Re: CSS 4?

On Wed, 29 Oct 2003, Dylan Schiemann wrote:
> Say you're a somewhat technically inclined end user and you visit a page
> that has an annoying behavior that is caused by JavaScript added through
> xbl.  A simple view source of the document shows only an html document
> with a style sheet link.  The end user turns off css in their browser
> and the annoying behavior goes away.  Hence they now think that css is
> "at fault" for this, rather than JavaScript or xbl.

I'm only aware of one UA in which CSS can be disabled, and in that UA, you
would simply hit Ctrl-G ("user mode") when you reach the site, which would
disable all the author's styles, whether annoying colours (very common at
the moment) or annoying JavaScript (less common with the advent of popup
blocking, prefs to block raise/lower/status changes, etc).

If you force the relevant JavaScript to be placed _outside_ the CSS, then
you can no longer disable it by disabling author styles.

So I don't really see your point.

Why does it matter that they think CSS (or more likely, "the author's
styles") are the problem, rather than DOM, ECMAScript, or XBL?

>> Selectors, like XPath, can be used for anything.
>> text/css, on the other hand, should only be used for styling.
> So presumably other purposes can defined their own text/foo, and DOM 3
> CSS could have a getElementsBySelector interface.


> Whether it is true or not, css is generally perceiveded to be "safe".

It's not.

   body { background: url("javascript:alert(\'Hello\ again!\ (background)\')"); } possible right now, and shows a dialog in at least two browsers.

Indeed it's even easier in IE:

   p { width: expression(alert('Hello!\ \(width\)')); }

...and that pops up several dialogs on each paint, almost.


So no, CSS isn't safe. Anybody who thinks it is is unfortunately deluding
themselves (and if they are therefore allowing CSS through un-parsed, this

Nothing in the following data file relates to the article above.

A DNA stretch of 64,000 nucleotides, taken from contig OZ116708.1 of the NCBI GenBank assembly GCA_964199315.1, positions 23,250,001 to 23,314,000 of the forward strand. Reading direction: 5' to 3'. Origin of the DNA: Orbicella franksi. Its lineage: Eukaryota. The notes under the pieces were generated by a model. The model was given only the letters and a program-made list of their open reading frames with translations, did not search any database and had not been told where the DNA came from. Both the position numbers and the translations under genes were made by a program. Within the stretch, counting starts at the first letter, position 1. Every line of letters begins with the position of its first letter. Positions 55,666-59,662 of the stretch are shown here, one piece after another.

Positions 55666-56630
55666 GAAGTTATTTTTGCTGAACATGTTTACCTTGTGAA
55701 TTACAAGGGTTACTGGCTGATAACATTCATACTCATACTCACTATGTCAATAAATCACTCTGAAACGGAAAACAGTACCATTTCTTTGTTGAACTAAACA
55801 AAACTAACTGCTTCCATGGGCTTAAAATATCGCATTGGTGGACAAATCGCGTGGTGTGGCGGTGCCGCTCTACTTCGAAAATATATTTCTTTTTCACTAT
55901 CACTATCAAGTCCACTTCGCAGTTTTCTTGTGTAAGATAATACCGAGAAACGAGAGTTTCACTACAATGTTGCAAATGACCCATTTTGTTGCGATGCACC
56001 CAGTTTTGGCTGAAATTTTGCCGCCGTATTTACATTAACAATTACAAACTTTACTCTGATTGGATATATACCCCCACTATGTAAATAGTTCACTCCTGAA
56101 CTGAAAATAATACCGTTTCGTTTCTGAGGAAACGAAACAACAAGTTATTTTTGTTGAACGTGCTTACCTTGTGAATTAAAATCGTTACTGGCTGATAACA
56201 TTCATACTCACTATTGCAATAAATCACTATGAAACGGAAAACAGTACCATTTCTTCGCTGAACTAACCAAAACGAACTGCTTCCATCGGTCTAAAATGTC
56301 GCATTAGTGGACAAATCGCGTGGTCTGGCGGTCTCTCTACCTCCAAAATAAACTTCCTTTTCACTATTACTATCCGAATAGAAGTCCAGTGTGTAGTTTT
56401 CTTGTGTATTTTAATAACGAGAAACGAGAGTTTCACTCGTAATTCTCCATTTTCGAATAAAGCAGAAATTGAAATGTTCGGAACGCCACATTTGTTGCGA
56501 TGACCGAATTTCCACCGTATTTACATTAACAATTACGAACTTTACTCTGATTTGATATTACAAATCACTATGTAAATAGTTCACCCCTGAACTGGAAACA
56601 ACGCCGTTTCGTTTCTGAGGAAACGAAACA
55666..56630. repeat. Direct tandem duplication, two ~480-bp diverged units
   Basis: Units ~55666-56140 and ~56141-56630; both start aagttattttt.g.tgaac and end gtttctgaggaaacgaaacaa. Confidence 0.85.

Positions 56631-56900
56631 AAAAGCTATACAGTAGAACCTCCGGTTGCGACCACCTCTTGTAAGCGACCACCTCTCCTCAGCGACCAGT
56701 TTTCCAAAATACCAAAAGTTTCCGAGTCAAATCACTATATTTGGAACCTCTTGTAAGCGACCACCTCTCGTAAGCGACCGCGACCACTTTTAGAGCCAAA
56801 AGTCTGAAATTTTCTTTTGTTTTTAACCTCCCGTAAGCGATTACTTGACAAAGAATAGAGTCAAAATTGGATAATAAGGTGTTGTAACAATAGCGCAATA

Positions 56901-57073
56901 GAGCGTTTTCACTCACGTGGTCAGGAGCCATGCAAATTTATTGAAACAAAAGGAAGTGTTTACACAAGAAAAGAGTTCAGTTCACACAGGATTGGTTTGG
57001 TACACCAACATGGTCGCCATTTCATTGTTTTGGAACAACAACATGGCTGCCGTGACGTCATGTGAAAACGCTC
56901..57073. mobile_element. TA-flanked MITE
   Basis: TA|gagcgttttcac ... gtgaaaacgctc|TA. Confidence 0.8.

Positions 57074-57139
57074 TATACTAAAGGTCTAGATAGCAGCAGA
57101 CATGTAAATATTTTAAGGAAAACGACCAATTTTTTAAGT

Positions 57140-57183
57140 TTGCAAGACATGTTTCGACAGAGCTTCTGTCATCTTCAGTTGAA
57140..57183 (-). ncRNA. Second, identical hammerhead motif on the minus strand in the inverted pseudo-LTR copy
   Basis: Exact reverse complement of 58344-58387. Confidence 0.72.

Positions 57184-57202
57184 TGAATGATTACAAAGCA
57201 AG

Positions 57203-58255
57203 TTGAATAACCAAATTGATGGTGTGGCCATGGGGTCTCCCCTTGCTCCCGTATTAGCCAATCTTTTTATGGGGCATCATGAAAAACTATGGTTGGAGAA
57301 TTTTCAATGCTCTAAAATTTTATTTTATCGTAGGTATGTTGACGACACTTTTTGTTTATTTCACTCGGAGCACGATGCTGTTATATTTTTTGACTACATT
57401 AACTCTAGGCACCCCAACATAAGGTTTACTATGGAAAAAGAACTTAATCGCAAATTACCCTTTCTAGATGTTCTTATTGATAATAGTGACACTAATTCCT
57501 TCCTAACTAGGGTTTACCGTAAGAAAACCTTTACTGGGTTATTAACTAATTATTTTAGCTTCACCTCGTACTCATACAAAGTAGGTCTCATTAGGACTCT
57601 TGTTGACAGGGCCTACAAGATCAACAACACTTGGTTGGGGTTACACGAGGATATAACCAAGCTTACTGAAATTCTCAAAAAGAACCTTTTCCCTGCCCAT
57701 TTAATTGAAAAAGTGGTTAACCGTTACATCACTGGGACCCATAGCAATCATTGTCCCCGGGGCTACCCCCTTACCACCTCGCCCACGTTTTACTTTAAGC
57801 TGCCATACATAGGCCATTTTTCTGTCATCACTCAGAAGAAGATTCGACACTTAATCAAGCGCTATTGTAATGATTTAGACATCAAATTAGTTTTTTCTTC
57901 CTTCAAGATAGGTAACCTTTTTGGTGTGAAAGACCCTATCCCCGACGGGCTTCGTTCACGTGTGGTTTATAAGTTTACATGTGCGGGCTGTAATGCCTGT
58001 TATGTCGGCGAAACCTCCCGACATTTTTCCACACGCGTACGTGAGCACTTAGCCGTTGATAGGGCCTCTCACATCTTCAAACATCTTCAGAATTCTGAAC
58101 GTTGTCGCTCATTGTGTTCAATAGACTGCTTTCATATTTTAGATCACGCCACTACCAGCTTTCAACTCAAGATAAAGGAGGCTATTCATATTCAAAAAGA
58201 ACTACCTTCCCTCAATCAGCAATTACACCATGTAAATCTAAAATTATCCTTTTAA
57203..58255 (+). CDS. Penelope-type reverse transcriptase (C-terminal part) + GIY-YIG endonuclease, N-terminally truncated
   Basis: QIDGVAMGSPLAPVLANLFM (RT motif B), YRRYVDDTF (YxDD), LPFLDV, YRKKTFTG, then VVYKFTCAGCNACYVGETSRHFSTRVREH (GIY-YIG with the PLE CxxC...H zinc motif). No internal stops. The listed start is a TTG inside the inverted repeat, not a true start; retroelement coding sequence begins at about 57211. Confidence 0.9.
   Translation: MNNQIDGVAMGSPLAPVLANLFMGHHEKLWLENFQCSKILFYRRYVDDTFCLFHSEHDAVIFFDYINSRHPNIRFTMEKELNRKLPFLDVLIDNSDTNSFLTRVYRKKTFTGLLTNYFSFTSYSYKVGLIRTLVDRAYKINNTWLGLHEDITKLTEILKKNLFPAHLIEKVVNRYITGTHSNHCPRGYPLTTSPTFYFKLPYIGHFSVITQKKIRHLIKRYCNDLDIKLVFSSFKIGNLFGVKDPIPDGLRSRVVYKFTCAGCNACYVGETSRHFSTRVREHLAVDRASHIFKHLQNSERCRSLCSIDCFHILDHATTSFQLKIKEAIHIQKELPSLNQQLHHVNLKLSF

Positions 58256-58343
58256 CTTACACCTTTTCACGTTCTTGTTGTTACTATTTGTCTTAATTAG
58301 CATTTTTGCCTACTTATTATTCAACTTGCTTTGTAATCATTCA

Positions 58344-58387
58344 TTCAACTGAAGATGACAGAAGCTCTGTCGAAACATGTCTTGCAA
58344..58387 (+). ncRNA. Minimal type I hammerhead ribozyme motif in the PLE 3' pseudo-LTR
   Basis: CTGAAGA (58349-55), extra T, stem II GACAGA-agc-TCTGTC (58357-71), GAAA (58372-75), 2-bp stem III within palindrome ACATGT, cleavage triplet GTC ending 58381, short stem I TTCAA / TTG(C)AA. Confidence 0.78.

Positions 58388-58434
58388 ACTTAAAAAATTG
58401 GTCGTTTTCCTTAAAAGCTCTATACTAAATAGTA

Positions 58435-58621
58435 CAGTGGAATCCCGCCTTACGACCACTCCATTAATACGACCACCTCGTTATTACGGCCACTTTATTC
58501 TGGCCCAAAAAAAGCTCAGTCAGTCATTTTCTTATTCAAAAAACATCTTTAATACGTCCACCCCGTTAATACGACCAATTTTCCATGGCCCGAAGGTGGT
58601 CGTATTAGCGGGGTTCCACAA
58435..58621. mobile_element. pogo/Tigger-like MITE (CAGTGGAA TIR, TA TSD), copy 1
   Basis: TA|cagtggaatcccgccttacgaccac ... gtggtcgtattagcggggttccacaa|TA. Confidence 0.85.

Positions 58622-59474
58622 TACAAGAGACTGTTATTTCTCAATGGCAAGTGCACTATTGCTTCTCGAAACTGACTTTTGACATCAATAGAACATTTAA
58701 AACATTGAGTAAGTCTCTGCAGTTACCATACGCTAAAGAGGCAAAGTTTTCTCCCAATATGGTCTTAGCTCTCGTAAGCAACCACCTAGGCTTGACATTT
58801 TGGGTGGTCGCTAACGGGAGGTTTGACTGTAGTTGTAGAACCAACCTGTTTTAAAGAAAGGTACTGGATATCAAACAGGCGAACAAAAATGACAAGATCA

could be very dangerous in, e.g., webmail environments).

This has, indeed, been the subject of several security bulletins recently.

And of course both Mozilla and IE already support BECSS-like systems, and
have done for years.

In conclusion, I think there is ample evidence that we crossed the
"unsafe" line for CSS many years ago. BECSS is not going to be changing
that. Indeed, by giving authors an official way of marking script as
stylistic, you make it easier for users to disable all annoyances in one
go on a per-page basis.

BECSS has one additional advantage, which is that it allows one to write a
very simple style rule:

   * { binding: none ! important; }

...and instantly disable all of BECSS.

> I'd hate to see css be thought of like JavaScript and disabled in a
> significant percentage of browsers.

JavaScript isn't disabled in a significant percentage of browsers, but
even if it was, that would continue to be the way to disable those kinds
of annoyances. In practice, modern browsers provide controls to disable
specific features of DOM0 that were abused. This would continue to work
with BECSS.

>> Selectors can be used whenever you want a selection language, much like
>> XPath (although they serve subtly different, albeit overlapping, roles).
> Are there any known implementations?

You mean apart from the CSS rendering browsers and the STTS
implementations? I don't know of any, but there probably are some.

On Wed, 29 Oct 2003, Tantek [ISO-8859-1] «elik wrote:
> On 10/29/03 2:34 PM, "Dylan Schiemann" <> wrote:
>>> text/css, on the other hand, should only be used for styling.
>> So presumably other purposes can defined their own text/foo , and DOM 3
>> CSS could have a getElementsBySelector interface.
> Or perhaps something which used CSS for such procedural applications could
> use application/css instead.


Note that BECSS doesn't add procedural applications to CSS. It adds
another mechanism to link to an XML language that may contain scripting,
but that is already possible using the various properties that take url()
values, e.g. 'content'.

And of course there is the point I mentioned above, namely that some
vendors already support embedding javascript straight into the CSS sheet
today, using text/css (actually, in the case of most vendors, the MIME
type isn't checked at all).

> I think a major component of this perceived safety is the purely
> declarative nature (e.g. nothing procedural) of CSS.

While this is true on paper, it isn't true in reality. CSS today, as
implemented, can host emdedded procedural scripts.

> While behavior may be presentational (Ian's litmus test is a good one),
> it is not clear to me that CSS by itself should attempt to solve all
> presentational problems.

That begs the question, "where else would it be?". The look and feel of
the document are intrically linked -- most HTC behaviours or XBL bindings
I have seen in the wild basically consist of toggling some CSS properties
based on DOM events, with the script just being glue code to do something
that can't be expressed in CSS, and is not common enough to warrant its
own CSS extensions.

Ian Hickson                                      )\._.,--....,'``.    fL
U+1047E                                         /,   _.. \   _\  ;`._ ,.                         `._.-(,_..'--(,_..'`-.;.'

Received on Thursday, 30 October 2003 04:48:00 UTC